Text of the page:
Sarah Staton & The Internet of Trees

 

Sarah Staton is an artist working with the social potentials for sculpture, and balances public commissions with studio work and occasional iterations of her ongoing SupaStore project. Her project in zingmagazine “Mycology and Dendrology” celebrates the newly identified wondrous hidden underground communication networks that researchers such as Suzanne Simard are identifying through careful study in recent years. Sarah Staton lives and works in London, and is Senior Tutor in Sculpture at the Royal College of Art.

Interview by Brandon Johnson

 

How did you first learn about mycorrhizal networks, and what about them sparked your interest as a subject for art?

Around four or five years ago I came across a text that talked about the ways trees send nutrients and water to each other through their root networks and via the nets that fungi make under the forest. This fascinated me. I looked for more information and found the work of the ecologist Suzanne Simard who has been mapping and researching this area for 30 years—her Ted Talk is excellent. As for taking this knowledge as the subject for watercolor and ink drawings, I have enjoyed the visual correspondence between the forms of mycorrhizal networks and the diagrammatic networks that I doodle in academic meetings, which also correspond to the nets that spiders make when they have been fed various drugs. These "Spiders on Drugs" nets provided subject matter for an early set of watercolor and ink drawings. Mycorrhizal networks are a vehicle for me to go forward while go backwards as it were to revisit a visual form that resonates with me, and to do it in a slightly new way.

 

So would you say your recent drawing practice is about representing interconnection?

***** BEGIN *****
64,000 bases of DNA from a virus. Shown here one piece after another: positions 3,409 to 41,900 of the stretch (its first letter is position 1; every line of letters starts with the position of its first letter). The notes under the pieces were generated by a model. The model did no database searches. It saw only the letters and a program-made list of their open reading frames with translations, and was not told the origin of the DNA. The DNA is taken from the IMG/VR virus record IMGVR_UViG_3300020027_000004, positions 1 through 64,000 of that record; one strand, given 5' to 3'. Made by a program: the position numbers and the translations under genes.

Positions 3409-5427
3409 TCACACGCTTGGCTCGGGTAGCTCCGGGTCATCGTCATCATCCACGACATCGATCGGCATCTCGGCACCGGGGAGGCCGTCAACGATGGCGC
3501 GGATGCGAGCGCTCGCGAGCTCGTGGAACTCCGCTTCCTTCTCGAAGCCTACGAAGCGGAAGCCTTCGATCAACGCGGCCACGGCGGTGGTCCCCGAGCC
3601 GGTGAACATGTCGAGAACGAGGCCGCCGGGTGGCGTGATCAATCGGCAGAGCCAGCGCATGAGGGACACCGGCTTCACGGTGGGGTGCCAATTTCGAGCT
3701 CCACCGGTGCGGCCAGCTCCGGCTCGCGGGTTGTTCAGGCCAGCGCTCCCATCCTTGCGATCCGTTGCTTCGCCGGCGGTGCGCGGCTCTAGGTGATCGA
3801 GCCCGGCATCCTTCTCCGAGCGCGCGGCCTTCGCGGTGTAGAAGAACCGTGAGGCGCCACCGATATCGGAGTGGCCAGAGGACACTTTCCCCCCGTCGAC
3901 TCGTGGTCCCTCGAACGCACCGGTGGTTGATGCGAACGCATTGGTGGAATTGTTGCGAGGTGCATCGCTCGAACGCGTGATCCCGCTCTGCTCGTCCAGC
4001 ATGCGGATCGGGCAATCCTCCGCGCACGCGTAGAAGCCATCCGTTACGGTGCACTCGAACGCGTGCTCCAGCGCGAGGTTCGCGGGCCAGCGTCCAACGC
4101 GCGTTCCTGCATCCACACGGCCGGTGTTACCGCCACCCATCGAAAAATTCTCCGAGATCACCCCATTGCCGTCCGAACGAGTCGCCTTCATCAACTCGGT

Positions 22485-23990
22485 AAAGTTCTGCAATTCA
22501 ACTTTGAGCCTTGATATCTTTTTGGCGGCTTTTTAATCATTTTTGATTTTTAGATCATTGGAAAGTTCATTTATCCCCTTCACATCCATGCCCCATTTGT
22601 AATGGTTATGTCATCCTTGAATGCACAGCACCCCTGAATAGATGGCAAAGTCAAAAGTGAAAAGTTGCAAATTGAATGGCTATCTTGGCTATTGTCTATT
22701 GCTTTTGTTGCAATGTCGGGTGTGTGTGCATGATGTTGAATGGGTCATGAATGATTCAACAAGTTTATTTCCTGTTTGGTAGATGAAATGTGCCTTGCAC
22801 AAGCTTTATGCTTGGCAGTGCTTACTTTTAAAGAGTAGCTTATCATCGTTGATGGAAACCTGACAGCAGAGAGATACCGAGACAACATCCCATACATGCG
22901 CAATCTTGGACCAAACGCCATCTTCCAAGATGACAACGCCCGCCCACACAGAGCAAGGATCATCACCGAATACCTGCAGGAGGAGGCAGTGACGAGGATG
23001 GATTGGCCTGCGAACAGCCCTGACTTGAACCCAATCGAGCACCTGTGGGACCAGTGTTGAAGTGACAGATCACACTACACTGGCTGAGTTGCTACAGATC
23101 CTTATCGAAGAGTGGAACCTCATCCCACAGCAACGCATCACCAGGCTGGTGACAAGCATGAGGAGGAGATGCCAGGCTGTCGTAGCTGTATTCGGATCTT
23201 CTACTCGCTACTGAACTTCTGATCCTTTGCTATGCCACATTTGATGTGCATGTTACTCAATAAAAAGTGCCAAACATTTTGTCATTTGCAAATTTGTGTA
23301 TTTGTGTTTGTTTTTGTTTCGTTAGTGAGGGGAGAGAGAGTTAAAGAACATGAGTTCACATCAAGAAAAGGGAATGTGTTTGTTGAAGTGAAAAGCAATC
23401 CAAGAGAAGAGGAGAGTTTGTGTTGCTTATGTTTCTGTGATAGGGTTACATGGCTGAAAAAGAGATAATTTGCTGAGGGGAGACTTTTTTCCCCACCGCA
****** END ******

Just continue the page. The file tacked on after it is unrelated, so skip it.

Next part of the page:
I would describe these drawings as pictorial representations, and a vehicle with which to enjoy the play of color and line on paper. In this particular set of drawings interconnectedness is represented, and they are a visual note for speculations on non-sapiens sentience.

 

How does this fit in with your other work?

Drawing as a way of thinking—I use drawing in a number of ways, sometimes to develop ideas and methods for making sculpture, sometimes as a kind of pictorial diary/note-making, and sometimes in small series to explore ideas. The mycorrhizal networks drawings are one such small series. I see a link with the notion of interconnection with the series "Spiders on Drugs" from 2001. The mycorrhizal network drawings also connect to an exhibition that I made in 2007, "In Situ Ex Situ," at Mount Stuart, Isle of Bute, in which I thought about the journey living wood takes from forest to home. For this exhibition, I created sculpture from pine furniture, manipulated with digital cutting (CNC), alongside Alpine style furniture that is essentially wood dust held together with resin, tracing a kind of timeline from majestic living wood to abject reject domestic furniture.